Is ‘marriage’ a piece of ‘personal information’ under RTI?
The way the notion of ‘privacy’ is getting a raw treatment by the media has made us sit upright and think of the meaning of ‘privacy’ in the changing world. Traditionally, privacy has been defined as preventing intrusions into one's physical space or solitude. It is the right of an individual or a group to be left alone. A spate of recent cases whether it be the Nira Radia case or the Manu Sanghvi case has blurred the boundary of public and private. Of course, the concept of privacy, per se, has always been influenced by the culture, time, and technology. It is a dynamic concept which has changed its form.
The United States has been the leading force in promoting the concept of privacy. Perhaps, the first time when privacy was advocated in the United States was through an article by Samuel Warren and Louis Brandeis, titled “The Right to Privacy” (1890), which was written in response to the increase in photographs and newspapers that was made possible by newer technologies of printing.
Technology has taken a giant leap since then and is in the process of developing further. In the era of mobile phones with high resolution cameras with the technology which can send a MMS in a fraction of a second, it is difficult to define what a private space is.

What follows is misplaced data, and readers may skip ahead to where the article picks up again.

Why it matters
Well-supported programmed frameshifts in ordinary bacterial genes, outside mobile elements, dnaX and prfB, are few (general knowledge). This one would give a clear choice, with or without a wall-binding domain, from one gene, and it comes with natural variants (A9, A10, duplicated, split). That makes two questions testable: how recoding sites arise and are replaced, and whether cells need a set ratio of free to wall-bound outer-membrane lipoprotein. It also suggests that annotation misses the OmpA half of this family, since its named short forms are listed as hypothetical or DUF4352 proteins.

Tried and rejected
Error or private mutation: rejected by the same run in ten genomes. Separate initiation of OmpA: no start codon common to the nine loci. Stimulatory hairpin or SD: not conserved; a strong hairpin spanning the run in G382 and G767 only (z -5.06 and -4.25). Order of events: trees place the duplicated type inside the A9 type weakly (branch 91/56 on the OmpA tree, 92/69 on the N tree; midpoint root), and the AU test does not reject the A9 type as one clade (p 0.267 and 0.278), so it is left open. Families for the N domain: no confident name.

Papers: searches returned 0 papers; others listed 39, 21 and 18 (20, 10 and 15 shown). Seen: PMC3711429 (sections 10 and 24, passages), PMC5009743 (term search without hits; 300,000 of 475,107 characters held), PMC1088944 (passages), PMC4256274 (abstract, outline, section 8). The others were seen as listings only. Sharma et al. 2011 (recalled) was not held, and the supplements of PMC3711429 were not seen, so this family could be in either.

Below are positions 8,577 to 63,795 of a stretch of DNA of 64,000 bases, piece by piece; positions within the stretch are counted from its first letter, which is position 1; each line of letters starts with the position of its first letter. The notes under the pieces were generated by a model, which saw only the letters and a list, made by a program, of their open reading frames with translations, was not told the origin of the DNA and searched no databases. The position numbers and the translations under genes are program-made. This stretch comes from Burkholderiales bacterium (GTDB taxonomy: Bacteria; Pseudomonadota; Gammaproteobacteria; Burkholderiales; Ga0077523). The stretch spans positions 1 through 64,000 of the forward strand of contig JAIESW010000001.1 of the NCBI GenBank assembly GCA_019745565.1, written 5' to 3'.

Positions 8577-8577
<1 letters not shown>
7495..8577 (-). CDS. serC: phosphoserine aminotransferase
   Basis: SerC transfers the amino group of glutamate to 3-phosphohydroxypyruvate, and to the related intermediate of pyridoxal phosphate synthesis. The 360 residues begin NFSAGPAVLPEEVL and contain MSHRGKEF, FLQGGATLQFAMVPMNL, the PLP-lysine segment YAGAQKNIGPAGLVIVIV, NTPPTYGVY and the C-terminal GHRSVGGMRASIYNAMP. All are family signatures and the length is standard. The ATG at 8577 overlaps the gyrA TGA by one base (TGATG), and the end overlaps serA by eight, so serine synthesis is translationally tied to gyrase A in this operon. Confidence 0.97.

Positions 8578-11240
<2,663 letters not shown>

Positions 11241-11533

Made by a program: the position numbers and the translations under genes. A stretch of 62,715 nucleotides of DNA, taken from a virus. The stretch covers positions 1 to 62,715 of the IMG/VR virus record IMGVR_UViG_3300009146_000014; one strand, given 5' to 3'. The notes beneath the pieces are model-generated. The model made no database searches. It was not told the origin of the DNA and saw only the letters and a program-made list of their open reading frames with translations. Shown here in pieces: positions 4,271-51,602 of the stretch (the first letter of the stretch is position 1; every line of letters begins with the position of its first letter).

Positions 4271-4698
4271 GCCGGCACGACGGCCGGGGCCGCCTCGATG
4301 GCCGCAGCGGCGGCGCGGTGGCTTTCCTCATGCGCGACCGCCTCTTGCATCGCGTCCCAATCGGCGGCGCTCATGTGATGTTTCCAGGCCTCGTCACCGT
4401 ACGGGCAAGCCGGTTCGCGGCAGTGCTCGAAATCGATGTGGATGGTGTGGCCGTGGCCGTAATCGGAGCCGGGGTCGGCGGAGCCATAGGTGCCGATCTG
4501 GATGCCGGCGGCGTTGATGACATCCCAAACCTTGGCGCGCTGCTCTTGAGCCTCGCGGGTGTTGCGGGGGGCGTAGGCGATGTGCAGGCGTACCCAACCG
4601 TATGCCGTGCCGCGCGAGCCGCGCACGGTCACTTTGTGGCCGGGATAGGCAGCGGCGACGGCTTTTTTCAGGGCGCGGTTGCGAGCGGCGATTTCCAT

A recent case of RTI application seeking information about the marriage of a MLA, HD Kumaraswamy, has again ignited the debate of where to draw a boundary for defining privacy. It was claimed that though Mr Kumaraswamy is legally wedded to Anita, who is a member of Karnataka assembly, he has also secretly tied the knot with actress Radhika and has a daughter with her. It has been reported that he has lately accepted this fact.
A RTI activist had filed a query seeking rules and regulations pertaining to submission of personal information of Members of Parliament (MPs) and the actions to be taken against them in case they fail to furnish all details. The PIO (Public Information Officer) agreed to the argument made by Mr. Kumaraswamy that whether or not he furnishes the details of his alleged (second) marriage and the assets his wife and children, is his “personal matter”. Such an action raises a large number of question :- Isn’t marriage is a “personal matter”? Can having more than one wife be labeled as a personal matter? Can a MP violate the Hindu Marriage Act that prohibits polygamy and still claim privacy as a defence? Does a second marriage and non-disclosure of assets by a MP necessitate disqualification? When 'celebrities' have their 'swayamwar' and choose their life partners in the full glare of the media, how private does the function remain?
As the concept of privacy evolves and takes a firm shape, the jigsaw puzzle of these questions would be solved. It is high time that the government puts up the privacy bill before the parliament for debate which hopefully would answer the questions.